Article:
It's driving across rugged terrain in the great outdoors. It's splashing through mud. Maybe it's racing a wild animal. A deep voice announces that it has V8 engines and dual power steering.
It's manly. It's patriotic. It's a commercial for a gas-guzzler.
Light trucks and SUVs are a cash cow for automakers and have the highest profit margins in their fleets. So it's unsurprising that the auto industry spends billions of dollars on sexy advertising to push them on consumers.
But now the industry cites the predictable outcome of its own marketing as a reason to hamstring a critical environmental and health protection.
This week the Trump administration announced that it plans to weaken vehicle greenhouse gas emission standards for model years 2022-2025. The decision cited the auto industry's complaint that the popularity of larger vehicles makes hitting fuel-efficiency targets more difficult.
Yet the industry's advertising and profit motives play a considerable part in generating that popularity.
It's a tactic that dates back to the 1970s when the Clean Air Act authorized the EPA to regulate vehicle tailpipe emissions. Automakers realized they could increase their profit margins by driving consumers to trucks, which then as now were subject to less stringent requirements than passenger cars.
Enter the 1974 Jeep Cherokee. The first vehicle officially marketed as an SUV was hyped with outdoorsy advertisements appealing to the sporty American family.
Other companies followed suit and have heavily advertised SUVs, pickup trucks and crossovers as cool, strong, adventurous-but-safe vehicles ever since.
According to data collected by Alphonso – a TV ad tracking firm - and analyzed by my organization, nine of the 10 vehicles most heavily advertised on nationwide television during the last quarter of 2017 were SUVs or pickup trucks.
Though automakers are investing in low- and zero-emission vehicles, it's not translating to advertising and consumer awareness.
UC Davis researchers found that most new car buyers surveyed in California—the largest electric-vehicle market in the nation—can't correctly name a plug-in electric vehicle presently for sale. Fewer respondents in 2017 were able to do so than in 2014, even though the number of makes and models of these vehicles nearly doubled during that time.
The current popularity of trucks and SUVs is also tied to low oil prices. But those won't last forever. In fact, automakers' oversupply of SUVs and light trucks is blamed for declining sales and profits among Detroit's Big Three during the mid-2000s when oil prices rose.
And those aren't the only reasons why pointing to "consumer preference" to weaken emissions standards is deceptive. A new poll released by the American Lung Association found that nearly 70 percent of voters want the EPA to leave the current standards in place.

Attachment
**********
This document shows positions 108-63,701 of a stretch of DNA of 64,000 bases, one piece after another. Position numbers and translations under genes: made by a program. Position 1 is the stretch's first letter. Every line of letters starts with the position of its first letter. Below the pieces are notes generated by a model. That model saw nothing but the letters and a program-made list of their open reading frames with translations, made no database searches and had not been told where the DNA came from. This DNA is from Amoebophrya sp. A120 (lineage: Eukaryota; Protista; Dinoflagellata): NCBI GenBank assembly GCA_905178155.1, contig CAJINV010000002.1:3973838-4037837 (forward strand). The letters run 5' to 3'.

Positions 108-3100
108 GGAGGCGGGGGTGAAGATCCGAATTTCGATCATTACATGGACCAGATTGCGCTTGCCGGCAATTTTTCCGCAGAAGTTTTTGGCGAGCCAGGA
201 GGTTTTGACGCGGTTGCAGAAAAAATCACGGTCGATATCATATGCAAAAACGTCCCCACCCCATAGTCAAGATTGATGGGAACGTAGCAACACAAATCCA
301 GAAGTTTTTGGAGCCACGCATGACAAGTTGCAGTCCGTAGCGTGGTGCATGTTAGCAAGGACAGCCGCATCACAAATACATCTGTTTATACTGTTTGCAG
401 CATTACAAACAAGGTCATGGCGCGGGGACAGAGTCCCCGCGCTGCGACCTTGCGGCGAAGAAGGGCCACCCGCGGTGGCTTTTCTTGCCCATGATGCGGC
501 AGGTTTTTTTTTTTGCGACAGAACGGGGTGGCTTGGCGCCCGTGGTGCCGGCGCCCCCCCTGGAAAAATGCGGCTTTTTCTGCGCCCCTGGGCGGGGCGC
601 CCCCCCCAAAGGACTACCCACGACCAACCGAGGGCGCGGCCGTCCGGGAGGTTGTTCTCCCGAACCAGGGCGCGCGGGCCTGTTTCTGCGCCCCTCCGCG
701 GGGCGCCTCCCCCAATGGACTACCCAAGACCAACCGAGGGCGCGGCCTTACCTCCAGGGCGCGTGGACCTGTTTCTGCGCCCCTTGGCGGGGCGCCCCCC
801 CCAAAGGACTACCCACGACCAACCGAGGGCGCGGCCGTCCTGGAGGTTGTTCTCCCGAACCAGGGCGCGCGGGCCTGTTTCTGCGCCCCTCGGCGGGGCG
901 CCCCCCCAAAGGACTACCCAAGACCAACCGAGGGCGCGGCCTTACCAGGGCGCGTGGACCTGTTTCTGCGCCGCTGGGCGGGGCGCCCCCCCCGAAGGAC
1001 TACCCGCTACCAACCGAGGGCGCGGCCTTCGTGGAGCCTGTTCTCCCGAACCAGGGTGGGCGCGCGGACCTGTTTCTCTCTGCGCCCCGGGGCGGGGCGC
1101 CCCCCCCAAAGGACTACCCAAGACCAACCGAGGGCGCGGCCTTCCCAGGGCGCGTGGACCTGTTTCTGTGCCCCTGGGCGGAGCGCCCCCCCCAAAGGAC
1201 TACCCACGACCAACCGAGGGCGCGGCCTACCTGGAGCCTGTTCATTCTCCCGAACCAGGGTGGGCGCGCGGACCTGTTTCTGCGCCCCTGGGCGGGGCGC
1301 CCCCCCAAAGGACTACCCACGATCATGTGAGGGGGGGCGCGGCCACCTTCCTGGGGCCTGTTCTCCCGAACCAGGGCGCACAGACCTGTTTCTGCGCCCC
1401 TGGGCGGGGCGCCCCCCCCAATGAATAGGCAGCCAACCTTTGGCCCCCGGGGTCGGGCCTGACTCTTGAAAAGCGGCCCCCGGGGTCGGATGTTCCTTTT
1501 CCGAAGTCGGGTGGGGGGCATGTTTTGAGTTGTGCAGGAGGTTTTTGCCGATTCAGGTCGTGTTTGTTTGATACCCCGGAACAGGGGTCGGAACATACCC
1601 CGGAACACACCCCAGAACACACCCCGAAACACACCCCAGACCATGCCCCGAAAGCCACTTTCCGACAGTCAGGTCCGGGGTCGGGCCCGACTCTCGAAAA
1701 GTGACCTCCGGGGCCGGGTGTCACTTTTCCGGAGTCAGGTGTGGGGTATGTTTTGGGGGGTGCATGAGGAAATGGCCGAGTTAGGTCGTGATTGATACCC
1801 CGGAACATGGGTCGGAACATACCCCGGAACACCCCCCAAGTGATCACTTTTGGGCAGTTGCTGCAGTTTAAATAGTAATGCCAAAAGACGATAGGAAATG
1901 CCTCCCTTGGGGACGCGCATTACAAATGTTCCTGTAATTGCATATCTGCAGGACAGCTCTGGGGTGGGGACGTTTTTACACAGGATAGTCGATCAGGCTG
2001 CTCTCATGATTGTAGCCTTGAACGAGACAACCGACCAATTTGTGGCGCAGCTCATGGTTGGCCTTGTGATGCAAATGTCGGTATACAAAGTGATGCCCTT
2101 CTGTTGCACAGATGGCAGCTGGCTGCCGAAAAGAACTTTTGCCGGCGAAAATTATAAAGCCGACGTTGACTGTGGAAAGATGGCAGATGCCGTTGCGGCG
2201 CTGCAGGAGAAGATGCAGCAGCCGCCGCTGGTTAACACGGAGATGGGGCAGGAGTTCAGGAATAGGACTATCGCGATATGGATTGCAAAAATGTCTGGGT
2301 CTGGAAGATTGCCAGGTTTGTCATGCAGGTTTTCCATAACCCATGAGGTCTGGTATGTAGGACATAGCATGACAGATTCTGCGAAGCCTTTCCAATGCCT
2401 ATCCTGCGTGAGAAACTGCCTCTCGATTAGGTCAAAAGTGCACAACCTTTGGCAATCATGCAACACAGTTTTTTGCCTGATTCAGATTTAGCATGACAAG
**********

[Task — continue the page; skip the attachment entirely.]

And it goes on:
The current standards, which the Obama administration negotiated with automakers in 2011, would halve carbon dioxide emissions from tailpipes by 2025. It would be the equivalent of a fleetwide average of 54.5 mpg if met through fuel-efficiency improvements alone.
Now that vehicles are the nation's largest source of climate pollution, these standards are crucial. Shifting to cleaner vehicles would also protect people, particularly children and the elderly, from toxic tailpipe pollution. The EPA estimated that the standards would help avoid up to 2,000 premature deaths per year when fully in place.
In January 2017 the EPA published a midterm evaluation of the standards, concluding that they were readily achievable for automakers, would achieve huge benefits for the public and save consumers money at the pump and should not be rolled back. Since the rules were established the technology has rapidly improved and compliance costs are much lower than estimated.
Meanwhile, the electric car industry in China is exploding. Chinese companies have nearly a 90-percent market share on electric vehicles. Taking America out of the running in the global race to clean up our cars can only lead to the next wave of bankruptcies and bailouts.
Trump is helping our most polluting automakers fuel the climate crisis and poison our air, all while shooting our economy in the foot. And he's letting consumers shoulder the blame.
Commentary by Vera Pardee, a senior counsel at the Center for Biological Diversity's Climate Law Institute.
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